18. Gamma Ray Detector Using Gallium Arsenide to Develop an Electrode Detector

    SciTech Connect

    Knoll, G.F.

    1999-03-26

    The emphasis of the DOE-funded detector project at the University of Michigan has been on the improvement of the performance of room-temperature gamma ray spectrometers. We have concentrated on the material known as CZT, a blend of cadmium and zinc tellurides, as the material of primary interest.

  19. Development of gamma-ray detector for lunar and planetary landing mission

    NASA Astrophysics Data System (ADS)

    Mitani, Takefumi; Inoue, Yousuke; Kobayashi, Shingo; Iijima, Yuichi; Takashima, Takeshi

    For a study of the origin and eveolution of a planet, its chemical composition holds an important information. The abundances of certain elements with different condensation temperature and with various types of geochemical behavior can provide valuable information for its history. Gamma-ray lines from the planet are generally used to determine the chemical composition of a planet without atmosphere. These gamma-ray lines are produded by the decay of nat-ural radionuclides or nuclear-reactions between planetary material and galactic cosmic rays. Abundance of elements is determined by measuring the intensity of gamma-ray lines specific to each element. From a orbital remote-sensing observation, global distribution of elements is acquired but its spatial resolution is limited, sim 10s km, because of difficulty of collimation of gamma-rays. Therefore in-situ gamma-ray observation is necessary to measure the elemental abundances in meter-scale topography. To survey the gamma-ray flux, a gamma-ray detec-tor aboard a rover on a planet is desired. Because of its limited electrical power and weight resources, we are developing small gamma-ray detector using a Cadmium Telluride (CdTe) semiconductor. CdTe has been regarded as a promising semiconductor material for gamma-ray detector because of such features as room temperature operation and large band-gap energy. The high atomic number of the materials gives a high absorption efficiency. On the surface of the moon, CdTe must be used in high temperature condition without any cooling system. Since CdTe spectral performance above room temperature is not established, we have examined the detector property in detail up to 40 degrees Celsius. Based on the results, we design total observation system and estimate the sensitivity of specific elements. Here we present the development status of gamma-ray detector system and the sensitivty estimate for the lunar observation.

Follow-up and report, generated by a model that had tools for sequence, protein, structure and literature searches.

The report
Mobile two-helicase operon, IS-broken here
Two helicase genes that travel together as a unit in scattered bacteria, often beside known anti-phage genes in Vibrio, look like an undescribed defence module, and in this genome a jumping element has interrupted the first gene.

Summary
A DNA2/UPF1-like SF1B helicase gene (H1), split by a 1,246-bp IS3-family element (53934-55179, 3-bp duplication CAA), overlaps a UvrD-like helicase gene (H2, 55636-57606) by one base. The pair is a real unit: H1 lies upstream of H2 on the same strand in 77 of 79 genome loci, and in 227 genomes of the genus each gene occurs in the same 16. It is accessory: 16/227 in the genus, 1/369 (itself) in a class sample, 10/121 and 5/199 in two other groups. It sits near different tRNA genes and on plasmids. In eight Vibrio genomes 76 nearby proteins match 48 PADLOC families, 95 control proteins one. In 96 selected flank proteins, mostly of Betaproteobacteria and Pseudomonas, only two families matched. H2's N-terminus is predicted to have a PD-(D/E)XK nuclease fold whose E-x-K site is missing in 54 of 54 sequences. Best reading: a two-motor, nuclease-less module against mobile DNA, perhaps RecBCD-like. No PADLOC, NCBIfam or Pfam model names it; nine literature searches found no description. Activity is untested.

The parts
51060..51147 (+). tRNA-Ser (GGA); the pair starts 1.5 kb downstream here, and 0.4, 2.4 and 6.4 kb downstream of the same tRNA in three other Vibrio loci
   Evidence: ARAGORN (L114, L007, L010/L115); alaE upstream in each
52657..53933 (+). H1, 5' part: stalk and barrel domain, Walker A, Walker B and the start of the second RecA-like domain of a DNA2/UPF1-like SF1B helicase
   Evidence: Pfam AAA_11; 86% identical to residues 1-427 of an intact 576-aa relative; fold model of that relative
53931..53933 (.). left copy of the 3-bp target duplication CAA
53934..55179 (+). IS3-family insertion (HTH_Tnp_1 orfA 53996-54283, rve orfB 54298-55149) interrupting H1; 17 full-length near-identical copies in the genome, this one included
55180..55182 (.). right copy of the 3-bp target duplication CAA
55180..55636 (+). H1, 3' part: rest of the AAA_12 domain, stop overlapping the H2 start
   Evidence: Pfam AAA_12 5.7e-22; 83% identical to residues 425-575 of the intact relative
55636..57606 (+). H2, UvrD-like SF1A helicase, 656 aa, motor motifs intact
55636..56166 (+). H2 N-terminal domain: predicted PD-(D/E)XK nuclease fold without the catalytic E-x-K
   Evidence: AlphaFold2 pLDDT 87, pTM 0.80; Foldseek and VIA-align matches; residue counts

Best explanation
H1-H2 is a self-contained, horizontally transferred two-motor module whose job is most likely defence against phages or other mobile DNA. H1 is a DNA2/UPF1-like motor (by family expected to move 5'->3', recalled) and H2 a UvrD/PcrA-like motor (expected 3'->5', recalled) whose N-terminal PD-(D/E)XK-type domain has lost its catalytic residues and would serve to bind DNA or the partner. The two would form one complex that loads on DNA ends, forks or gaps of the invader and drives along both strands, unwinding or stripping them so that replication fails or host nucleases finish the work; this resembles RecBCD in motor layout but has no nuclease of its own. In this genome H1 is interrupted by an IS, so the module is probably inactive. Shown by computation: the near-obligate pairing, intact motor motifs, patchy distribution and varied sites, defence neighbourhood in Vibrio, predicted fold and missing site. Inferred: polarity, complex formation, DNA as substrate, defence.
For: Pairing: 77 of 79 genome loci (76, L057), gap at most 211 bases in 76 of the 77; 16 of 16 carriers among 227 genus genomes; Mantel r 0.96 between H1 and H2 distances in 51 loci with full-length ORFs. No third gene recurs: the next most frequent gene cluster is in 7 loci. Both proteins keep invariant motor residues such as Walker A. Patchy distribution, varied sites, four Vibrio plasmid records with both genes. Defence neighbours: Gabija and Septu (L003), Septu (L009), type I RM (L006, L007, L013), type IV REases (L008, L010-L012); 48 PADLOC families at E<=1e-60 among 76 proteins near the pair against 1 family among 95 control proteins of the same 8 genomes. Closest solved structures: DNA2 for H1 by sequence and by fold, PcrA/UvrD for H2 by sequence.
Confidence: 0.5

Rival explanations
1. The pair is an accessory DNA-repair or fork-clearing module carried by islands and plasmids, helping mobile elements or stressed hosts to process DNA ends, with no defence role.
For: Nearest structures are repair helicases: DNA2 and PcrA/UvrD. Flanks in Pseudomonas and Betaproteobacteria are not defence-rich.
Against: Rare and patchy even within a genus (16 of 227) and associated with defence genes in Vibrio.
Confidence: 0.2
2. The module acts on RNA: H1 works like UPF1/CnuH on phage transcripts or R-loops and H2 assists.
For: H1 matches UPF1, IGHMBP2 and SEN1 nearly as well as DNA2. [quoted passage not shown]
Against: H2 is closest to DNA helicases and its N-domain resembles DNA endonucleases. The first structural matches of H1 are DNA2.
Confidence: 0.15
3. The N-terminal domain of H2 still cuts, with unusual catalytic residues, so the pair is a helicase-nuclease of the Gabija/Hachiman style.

20. Neutron induced background in the COMPTEL detector on the Gamma Ray Observatory

    NASA Technical Reports Server (NTRS)

    Morris, D. J.; Aarts, H.; Bennett, K.; Busetta, M.; Byrd, R.; Collmar, W.; Connors, A.; Diehl, R.; Eymann, G.; Foster, C.

    1992-01-01